These Black-Owned Safaris Are Putting African Stories First

Across the continent, innovators are rethinking everything you thought you knew about heading into the bush—and changing these iconic journeys for the better.

By Christine Ajudua

Oct 6, 2020

WITH ITS 3D-PRINTED MINI-LODGES and sound baths in the bush—not to mention funding from cofounders of Uber and Tinder— Habitas Namibia (doubles from US$979) is an eco-minded retreat working to turn 50,000 hectares of the Kalahari Desert into a world-class wildlife reserve. It’s a far cry from Out of Africa—which is exactly the point.

In an increasingly woke world, “colonial is like a swear word,” says Caline Williams-Wynn, the South African designer behind some of the buzziest safari-lodge openings in recent years. But as the industry sheds those old-world trappings, there’s still an elephant in the room: “Today, most people who operate safari lodges are not African—or, if they are, they are not black African,” says Fred Swaniker, the Ghanaian founder and CEO of African Leadership University.

“We need black African conservation entrepreneurs who will build the next generation of ecotourism businesses that can create opportunities for our communities.”

ALU graduates will follow black pioneers like African Bush Camps founder Beks Ndlovu, who was born near Zimbabwe’s Hwange National Park. His latest project, Khwai Leadwood (from US$609 per person, all-inclusive), near Botswana’s Moremi Game Reserve, will be the company’s 15th property. “Guests aren’t necessarily going there to tick off the Big Five,” Ndlovu says. “They’re coming to engage with local people and better understand our wilderness areas.”

Meanwhile, South Africa’s oldest black-owned travel firm, Thebe Tourism Group, is turning a historic train in Kruger National Park into Kruger Shalati, reimagining the safari in the very place where it originated. Solar-powered suites will occupy refurbished carriages done up by South African firm Hesse Kleinloog Studio, parked on a bridge overlooking the Sabie River. While the train will remain stationary, guests can ride electric quad bikes along the old rail line and get hands on with a local business-incubation program.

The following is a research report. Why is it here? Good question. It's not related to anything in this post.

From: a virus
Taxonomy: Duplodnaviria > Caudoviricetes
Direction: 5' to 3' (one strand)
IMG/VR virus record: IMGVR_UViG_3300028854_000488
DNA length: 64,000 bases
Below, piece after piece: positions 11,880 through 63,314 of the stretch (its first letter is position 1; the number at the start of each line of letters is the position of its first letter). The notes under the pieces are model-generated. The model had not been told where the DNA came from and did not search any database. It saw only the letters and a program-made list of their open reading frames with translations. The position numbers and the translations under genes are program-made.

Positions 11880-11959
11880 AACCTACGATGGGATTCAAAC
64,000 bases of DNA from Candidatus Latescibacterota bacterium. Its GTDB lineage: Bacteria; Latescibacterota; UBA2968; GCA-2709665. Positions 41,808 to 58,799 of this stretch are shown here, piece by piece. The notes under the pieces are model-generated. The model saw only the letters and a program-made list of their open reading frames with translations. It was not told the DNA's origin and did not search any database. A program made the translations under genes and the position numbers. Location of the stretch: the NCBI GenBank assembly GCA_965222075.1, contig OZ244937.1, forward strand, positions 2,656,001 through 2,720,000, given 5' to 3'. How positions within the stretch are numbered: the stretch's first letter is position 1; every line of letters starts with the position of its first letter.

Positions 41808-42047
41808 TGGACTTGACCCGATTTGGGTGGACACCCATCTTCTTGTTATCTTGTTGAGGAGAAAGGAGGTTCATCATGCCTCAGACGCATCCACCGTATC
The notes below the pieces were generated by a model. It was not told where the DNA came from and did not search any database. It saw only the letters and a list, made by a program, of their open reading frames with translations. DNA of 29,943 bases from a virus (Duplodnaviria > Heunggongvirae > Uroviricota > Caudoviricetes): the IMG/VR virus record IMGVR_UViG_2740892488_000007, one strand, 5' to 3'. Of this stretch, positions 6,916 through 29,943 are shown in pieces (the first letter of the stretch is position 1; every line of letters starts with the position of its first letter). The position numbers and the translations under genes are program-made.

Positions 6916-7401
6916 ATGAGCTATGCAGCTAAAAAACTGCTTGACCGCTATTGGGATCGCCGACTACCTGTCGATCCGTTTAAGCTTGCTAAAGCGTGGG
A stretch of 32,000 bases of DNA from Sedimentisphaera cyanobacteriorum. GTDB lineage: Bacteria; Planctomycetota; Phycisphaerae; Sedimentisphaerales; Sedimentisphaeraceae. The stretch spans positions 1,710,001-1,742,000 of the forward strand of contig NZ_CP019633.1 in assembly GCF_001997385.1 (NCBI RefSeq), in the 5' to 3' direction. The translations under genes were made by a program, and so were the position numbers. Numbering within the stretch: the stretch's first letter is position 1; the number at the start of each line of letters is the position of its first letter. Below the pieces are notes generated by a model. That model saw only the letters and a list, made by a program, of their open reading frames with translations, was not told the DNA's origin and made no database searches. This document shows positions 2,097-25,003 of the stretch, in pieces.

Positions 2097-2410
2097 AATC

These shifts are promising—but more are needed, says Cameroon-born Lee Litumbe, who founded the Africa-focused travel site Spirited Pursuit. “It’s very rare to see the safari experience told from a black person’s perspective,” Litumbe says. “I think people need to be at the center of their own narrative. It’s empowering.”

Lodge design is also evolving. For many safari-goers today, an aesthetic defined by vintage maps, hunting photos and pith helmets doesn’t necessarily evoke the romance of a long-ago era. “Camps are not what people want anymore,” says Abercrombie & Kent founder Geoffrey Kent, who, incidentally, outfitted the Redford-Streep film that helped spark a generation’s worth of safaris. A&K recently overhauled its original retreat on Kenya’s Mara River, Sanctuary Olonana (from US$535 per person, all-inclusive), replacing old-fashioned tents with 14 glass-walled suites. They’re decorated with commissions from Shelley-Anne Graham, a contemporary South African artist.

Across the border in northern Tanzania, Asilia Africa tapped Williams-Wynn to rethink the brand’s 15-year-old flagship, Sayari (from US$711 per person, all-inclusive). “We’ve literally taken all the canvas off,” she says. The new suites feature handwoven basketwork panels and leather light fixtures that echo the surrounding rock formations. Asilia also added a solar-powered brewery that doubles as a water purification plant, reducing the need for single-use plastic bottles.

At Wilderness Safaris’ Bisate Lodge (from US$1,575 per person, all-inclusive) and the forthcoming Little Bisate, both near Rwanda’s Volcanoes National Park, Williams-Wynn designed thatched villas whose pear shape was inspired by traditional Rwandan architecture. Furnishings are decorated with imigongo, a local craft that combines geometric patterns made from cow dung and paints derived from natural pigments.

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